Chen said the appraisal’s discovery brings up questions about the city’s recent evaluation of McKalla’s usefulness as a potential soccer stadium location. Last week Chen’s group offered the city $22.5 million to buy the property outright, or to lease it for $2.2 million per year.

“We only learned at a recent community meeting that the City’s $29.5 million appraisal of McKalla Place might exist, but it was never disclosed in any public report and was never provided in response to any open records request,” he said in an email to the Monitor. “The appraisal was only released to an undisclosed party after our offer to purchase McKalla Place for $22.5 million cash. The fact that the City Manager’s report on McKalla Place stated that the property’s value was only $9 million – not the actual $29.5 million – calls into question the credibility of the entire report, and especially the economic impact report by the City’s outside consultant, who appears to be a pro-stadium industry player. Our city’s taxpayers deserve better, and we believe that our fellow Austinites deserve a fair, equal, and transparent process before our Council Members decide to just give away public land to a private party.”

At Tuesday’s work session, City Council members expressed a variety of views on the stadium issue, with Council Member Leslie Pool, whose district includes McKalla Place, trying to convince other members to pull away from any negotiations for a soccer stadium. Most other members were of the viewpoint that the city should seek concessions from Precourt that could make a stadium and the team’s presence a community asset.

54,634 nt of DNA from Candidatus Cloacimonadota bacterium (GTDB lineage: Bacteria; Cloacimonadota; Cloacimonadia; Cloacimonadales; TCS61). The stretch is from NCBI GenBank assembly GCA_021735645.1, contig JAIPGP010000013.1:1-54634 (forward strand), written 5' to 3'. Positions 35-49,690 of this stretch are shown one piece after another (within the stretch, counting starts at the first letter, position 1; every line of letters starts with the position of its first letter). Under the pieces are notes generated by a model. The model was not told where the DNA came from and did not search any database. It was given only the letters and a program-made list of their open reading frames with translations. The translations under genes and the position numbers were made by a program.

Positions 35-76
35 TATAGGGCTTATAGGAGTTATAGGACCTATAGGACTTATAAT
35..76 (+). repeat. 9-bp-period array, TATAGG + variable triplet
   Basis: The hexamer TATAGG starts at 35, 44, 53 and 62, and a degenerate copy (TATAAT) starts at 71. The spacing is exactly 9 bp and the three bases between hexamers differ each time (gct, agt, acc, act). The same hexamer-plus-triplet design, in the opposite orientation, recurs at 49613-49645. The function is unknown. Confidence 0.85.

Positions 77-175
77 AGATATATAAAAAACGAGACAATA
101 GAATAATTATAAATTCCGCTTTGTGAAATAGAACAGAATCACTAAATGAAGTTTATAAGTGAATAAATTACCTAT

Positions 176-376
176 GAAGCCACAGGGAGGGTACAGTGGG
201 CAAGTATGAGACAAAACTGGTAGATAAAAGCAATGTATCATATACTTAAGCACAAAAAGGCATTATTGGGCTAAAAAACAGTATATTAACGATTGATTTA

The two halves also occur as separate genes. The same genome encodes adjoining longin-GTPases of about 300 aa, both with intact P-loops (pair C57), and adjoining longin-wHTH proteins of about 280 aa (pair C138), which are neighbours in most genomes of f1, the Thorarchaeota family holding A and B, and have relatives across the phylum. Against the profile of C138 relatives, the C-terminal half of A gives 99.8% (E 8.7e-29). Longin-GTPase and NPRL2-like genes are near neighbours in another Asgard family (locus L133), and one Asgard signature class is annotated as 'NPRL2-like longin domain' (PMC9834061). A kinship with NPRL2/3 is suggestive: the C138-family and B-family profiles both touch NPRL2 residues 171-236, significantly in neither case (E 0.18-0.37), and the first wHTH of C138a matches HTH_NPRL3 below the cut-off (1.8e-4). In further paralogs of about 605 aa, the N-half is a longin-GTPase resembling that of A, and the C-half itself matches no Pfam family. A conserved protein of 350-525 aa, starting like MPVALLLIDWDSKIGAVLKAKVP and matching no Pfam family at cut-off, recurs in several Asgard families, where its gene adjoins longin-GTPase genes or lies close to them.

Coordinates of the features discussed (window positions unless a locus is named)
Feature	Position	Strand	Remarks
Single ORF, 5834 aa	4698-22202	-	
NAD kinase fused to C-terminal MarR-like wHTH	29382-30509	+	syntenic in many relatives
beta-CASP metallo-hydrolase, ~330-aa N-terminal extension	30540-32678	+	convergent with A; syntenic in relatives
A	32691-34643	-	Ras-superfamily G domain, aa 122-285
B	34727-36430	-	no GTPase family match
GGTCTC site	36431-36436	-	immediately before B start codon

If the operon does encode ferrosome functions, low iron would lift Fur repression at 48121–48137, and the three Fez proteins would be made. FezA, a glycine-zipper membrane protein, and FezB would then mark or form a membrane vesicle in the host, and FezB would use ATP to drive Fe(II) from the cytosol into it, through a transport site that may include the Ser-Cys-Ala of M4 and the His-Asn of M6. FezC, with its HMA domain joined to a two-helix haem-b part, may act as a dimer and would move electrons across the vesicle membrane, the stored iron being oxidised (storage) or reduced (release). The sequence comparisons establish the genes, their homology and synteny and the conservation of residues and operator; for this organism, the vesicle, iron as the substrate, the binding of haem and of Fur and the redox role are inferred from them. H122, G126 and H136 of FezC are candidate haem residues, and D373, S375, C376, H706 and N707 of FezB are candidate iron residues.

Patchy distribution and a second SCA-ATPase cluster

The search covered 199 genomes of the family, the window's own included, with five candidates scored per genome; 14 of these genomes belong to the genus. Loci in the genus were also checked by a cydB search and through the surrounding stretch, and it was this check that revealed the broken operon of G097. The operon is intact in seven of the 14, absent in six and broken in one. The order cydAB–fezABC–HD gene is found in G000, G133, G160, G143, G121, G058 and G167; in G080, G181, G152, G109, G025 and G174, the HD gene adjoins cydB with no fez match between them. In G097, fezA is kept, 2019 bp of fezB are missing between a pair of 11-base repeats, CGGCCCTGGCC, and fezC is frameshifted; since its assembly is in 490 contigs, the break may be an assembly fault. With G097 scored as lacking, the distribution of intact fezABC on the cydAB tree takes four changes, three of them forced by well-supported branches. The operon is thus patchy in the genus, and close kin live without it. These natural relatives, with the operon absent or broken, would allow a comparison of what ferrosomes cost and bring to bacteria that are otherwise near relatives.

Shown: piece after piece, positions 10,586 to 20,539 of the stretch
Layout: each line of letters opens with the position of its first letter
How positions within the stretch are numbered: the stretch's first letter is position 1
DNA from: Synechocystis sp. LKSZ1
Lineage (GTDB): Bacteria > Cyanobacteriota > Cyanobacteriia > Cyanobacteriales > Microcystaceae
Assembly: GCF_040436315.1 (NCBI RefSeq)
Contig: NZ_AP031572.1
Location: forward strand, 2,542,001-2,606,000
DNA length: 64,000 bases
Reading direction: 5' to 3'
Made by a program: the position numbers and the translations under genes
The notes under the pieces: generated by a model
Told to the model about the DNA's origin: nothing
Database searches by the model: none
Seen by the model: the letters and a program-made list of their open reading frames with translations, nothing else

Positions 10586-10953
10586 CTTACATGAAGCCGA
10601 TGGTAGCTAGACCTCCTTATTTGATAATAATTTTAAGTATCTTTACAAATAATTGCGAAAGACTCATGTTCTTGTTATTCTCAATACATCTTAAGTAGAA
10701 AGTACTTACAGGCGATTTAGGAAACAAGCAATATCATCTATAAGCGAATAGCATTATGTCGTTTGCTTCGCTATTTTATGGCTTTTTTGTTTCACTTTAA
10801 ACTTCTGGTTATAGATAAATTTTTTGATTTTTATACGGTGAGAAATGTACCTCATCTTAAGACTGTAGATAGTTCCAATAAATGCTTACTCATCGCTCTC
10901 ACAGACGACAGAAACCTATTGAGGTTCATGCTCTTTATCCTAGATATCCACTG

Pool has said she plans to introduce a resolution for the June 28 Council meeting that, if approved, would open McKalla Place up to an RFP process.

Representatives from Precourt Sports Ventures have said they are willing to have the stadium proposal weighed against other development concepts, but they are sticking to a late-June deadline for reaching an agreement with the city so they can move forward with relocating the team in time for the 2019 season.

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Photo by Gordon Flood (originally posted to Flickr as Man Utd V Arsenal) [CC BY 2.0], via Wikimedia Commons.

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Austin City Council: The Austin City Council is the body with legislative purview over the City of Austin. It offers policy direction, while the office of the City Manager implements administrative actions based on those policies. Until 2012, the body contained seven members, including the city's Mayor, all elected at-large. In 2012, City of Austin residents voted to change that system and now 10 members of the Council are elected based on geographic districts. The Mayor continues to be elected at-large.